There were so many wonderful moments in the closing ceremony for the Olympic Games, but surely few were as memorable as the appearance of three specially-made Rolls-Royce cars in the stadium.
How proud staff at the company’s production plant at Goodwood must have been as the trio of beautiful cars purred around what had been the running track.
The appearance of the cars, used to chauffeur stars of the show as they sang to the assembled thousands, was a fitting demonstration of one of the strongest brands this country has ever produced on a night when the Great in Britain was celebrated with huge gusto.
Rolls-Royce has yet to decide what to do with the three vehicles.
We hope that they become part of the Games legacy, being sold to the highest bidder – as is a vast collection of Olympics memorabilia – to raise money to further strengthen the nation’s sporting prowess.
Our athletes have done this country proud, with the highest medals tally in more than 100 years.
That has been borne of the individual effort of those who were higher, faster and stronger than their competitors, but it is also the result of a collective investment in sporting opportunity.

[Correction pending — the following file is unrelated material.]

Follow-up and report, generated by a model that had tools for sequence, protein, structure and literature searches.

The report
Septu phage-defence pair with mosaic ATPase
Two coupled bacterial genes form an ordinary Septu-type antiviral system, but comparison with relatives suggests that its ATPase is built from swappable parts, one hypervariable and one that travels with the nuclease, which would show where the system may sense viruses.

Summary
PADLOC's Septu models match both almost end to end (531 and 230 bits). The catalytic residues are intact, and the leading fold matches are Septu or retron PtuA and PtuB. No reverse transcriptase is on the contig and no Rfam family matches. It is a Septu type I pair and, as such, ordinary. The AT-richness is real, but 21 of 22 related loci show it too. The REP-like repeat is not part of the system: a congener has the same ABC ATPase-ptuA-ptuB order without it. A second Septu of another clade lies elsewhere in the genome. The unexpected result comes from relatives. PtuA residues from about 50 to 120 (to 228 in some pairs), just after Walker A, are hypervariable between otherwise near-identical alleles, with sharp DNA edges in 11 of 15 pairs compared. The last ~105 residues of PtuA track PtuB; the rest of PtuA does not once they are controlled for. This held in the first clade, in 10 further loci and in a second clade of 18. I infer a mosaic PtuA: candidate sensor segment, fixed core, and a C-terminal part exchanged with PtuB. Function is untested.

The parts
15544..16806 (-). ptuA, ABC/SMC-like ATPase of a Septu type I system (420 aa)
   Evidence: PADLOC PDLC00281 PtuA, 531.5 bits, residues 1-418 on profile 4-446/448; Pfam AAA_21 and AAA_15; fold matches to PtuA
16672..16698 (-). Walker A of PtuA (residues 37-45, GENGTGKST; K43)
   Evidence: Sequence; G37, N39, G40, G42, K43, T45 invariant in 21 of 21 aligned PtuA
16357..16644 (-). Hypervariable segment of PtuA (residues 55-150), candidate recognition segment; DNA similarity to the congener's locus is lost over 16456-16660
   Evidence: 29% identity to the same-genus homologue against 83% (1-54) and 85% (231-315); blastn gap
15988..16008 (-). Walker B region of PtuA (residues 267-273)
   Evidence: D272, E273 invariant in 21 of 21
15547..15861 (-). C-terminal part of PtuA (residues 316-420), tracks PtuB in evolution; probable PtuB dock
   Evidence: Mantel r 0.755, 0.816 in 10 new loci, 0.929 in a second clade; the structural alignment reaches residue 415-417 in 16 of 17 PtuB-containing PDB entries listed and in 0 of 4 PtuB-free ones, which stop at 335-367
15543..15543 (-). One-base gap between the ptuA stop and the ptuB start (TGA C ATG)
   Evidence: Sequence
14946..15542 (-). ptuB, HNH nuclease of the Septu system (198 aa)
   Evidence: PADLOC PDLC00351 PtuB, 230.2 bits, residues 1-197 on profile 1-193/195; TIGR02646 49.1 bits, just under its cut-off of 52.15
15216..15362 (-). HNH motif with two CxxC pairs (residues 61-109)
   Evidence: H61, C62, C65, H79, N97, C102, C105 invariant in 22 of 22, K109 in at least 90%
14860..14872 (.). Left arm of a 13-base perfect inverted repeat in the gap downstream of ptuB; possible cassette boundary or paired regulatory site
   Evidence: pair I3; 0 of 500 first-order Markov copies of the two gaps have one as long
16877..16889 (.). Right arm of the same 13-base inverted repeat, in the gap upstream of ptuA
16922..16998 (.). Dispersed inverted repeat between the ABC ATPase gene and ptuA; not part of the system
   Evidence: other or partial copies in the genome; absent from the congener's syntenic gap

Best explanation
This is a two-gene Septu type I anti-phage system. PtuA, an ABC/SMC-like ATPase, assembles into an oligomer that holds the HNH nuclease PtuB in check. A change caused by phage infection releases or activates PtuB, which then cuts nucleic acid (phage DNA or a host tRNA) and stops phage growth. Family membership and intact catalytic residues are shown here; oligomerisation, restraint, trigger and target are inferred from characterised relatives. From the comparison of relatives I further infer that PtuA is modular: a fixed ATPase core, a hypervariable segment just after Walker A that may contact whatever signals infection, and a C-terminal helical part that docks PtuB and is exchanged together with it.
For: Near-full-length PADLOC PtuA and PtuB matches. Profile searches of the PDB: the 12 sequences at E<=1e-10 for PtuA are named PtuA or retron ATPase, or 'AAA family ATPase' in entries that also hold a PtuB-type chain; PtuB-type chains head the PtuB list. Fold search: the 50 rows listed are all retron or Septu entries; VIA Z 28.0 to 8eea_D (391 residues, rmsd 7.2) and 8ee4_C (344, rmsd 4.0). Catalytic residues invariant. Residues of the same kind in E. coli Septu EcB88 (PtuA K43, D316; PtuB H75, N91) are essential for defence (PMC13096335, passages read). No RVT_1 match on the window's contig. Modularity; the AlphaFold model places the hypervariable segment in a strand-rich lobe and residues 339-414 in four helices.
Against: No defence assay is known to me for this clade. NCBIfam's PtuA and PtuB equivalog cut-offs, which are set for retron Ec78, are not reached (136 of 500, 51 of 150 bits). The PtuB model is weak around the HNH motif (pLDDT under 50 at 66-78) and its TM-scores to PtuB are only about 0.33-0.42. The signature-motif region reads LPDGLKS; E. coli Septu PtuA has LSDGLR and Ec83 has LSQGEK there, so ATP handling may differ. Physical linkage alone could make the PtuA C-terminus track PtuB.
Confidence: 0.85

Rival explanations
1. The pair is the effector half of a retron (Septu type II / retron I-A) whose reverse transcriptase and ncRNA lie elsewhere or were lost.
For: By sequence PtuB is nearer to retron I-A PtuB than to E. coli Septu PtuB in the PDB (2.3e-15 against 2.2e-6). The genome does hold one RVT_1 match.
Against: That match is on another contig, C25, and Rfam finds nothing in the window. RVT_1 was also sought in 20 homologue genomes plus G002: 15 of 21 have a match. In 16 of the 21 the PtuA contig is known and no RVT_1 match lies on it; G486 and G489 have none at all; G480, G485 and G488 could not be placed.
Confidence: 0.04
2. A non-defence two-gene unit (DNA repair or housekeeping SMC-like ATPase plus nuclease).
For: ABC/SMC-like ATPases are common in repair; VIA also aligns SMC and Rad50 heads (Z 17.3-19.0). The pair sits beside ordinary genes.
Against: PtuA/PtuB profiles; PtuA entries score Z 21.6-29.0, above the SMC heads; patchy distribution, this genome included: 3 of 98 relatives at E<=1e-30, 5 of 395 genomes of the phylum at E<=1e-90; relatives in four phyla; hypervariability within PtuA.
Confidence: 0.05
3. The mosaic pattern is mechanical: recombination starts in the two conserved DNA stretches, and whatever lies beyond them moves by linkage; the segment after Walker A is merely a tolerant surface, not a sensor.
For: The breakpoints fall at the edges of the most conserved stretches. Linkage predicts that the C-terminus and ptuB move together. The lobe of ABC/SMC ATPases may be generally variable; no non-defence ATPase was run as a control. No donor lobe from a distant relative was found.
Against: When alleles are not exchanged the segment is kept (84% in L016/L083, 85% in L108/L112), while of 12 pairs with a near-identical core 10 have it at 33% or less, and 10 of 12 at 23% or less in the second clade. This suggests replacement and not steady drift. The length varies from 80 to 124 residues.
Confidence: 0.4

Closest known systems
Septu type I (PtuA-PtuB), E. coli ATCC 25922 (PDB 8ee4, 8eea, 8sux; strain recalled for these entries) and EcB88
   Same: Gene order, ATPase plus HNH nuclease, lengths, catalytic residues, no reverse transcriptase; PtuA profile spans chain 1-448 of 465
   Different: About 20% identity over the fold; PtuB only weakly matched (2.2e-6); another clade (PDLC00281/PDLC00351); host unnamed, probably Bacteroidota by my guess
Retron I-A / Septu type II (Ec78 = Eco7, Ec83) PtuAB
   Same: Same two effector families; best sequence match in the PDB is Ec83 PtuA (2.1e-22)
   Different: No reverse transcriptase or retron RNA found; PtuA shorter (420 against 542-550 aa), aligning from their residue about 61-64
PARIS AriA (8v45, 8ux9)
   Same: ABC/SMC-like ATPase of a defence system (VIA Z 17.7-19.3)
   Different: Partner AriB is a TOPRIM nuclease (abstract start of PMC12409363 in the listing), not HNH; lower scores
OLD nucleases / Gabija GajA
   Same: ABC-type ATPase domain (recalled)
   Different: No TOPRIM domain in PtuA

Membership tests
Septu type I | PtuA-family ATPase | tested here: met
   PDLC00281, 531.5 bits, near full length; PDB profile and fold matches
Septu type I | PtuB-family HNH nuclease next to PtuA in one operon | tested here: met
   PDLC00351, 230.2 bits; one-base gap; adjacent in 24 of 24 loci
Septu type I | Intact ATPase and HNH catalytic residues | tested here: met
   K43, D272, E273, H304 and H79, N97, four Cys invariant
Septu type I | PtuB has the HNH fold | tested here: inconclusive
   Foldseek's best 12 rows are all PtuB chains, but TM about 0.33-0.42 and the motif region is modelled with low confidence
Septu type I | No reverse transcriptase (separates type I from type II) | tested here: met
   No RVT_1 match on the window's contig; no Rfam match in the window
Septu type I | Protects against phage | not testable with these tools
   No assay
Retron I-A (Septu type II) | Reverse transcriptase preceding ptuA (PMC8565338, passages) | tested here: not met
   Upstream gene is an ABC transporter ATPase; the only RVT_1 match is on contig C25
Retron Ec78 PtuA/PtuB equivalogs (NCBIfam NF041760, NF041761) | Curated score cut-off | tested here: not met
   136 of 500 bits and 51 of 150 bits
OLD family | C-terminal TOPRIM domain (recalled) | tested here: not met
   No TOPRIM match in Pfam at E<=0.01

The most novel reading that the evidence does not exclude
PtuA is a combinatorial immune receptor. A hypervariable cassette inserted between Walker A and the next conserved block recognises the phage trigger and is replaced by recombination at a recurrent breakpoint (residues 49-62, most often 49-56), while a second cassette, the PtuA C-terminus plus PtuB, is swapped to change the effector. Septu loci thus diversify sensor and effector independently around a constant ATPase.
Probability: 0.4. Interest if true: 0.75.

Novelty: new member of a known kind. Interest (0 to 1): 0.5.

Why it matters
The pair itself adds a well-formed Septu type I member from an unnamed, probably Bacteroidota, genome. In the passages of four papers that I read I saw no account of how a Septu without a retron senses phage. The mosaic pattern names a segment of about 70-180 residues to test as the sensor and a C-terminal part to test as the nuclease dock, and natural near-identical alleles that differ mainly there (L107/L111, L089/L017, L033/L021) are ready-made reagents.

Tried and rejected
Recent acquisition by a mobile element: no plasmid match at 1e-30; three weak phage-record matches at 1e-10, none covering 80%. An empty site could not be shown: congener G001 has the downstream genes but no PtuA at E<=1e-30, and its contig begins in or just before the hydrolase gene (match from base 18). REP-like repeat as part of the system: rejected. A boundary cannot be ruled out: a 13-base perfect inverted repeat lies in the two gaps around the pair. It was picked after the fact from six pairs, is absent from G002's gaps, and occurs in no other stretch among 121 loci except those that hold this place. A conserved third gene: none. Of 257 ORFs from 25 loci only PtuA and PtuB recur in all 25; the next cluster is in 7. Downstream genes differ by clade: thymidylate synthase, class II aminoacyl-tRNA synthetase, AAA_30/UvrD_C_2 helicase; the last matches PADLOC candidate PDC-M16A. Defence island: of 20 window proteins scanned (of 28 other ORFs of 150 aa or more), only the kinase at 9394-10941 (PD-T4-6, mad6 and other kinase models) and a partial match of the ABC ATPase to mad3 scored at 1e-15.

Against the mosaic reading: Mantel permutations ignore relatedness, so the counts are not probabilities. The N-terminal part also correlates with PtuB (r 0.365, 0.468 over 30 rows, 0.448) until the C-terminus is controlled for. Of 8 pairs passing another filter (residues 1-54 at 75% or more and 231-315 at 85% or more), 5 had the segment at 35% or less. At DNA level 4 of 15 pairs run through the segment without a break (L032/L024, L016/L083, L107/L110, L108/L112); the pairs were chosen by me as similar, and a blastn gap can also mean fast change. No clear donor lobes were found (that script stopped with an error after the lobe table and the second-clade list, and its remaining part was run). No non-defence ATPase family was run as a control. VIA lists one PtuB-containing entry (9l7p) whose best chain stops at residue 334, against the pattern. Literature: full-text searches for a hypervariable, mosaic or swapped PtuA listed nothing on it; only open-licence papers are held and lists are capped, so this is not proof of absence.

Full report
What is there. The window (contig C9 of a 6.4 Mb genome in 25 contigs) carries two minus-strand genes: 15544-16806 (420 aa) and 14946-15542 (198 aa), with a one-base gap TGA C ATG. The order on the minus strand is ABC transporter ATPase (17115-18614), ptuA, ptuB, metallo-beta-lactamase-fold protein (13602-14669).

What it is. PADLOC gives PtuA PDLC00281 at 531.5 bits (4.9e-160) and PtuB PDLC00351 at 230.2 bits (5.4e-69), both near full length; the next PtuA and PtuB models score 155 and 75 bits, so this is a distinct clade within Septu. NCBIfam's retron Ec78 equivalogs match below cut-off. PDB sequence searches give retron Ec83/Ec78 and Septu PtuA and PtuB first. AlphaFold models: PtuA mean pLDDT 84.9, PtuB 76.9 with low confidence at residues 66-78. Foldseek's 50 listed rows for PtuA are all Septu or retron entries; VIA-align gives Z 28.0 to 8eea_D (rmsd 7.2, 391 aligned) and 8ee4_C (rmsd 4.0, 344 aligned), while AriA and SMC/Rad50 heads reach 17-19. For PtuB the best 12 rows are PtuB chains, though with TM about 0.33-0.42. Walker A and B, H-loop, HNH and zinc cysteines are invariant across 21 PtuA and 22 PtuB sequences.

And it is not only the elite few who have benefited from that. All who have used new facilities or been given expert coaching have gained from the experience.
So the memorable and quirkily British closing ceremony had plenty to celebrate. It was an impressive way in which to bring down the curtain on the 30th modern Olympiad, just as the opening ceremony was a dynamic start to the world’s greatest sports gathering.
Rio might be the capital of carnival, but we reckon that the Brazilians, already starting to think about their own ceremonies in four years’ time, have an extremely tough act to follow.
This has been a memorable Olympic gathering at which the British – famed the world over for stiff upper lips and a sense of reserve – showed the world a sense of passion and good humour that will live long in the memory.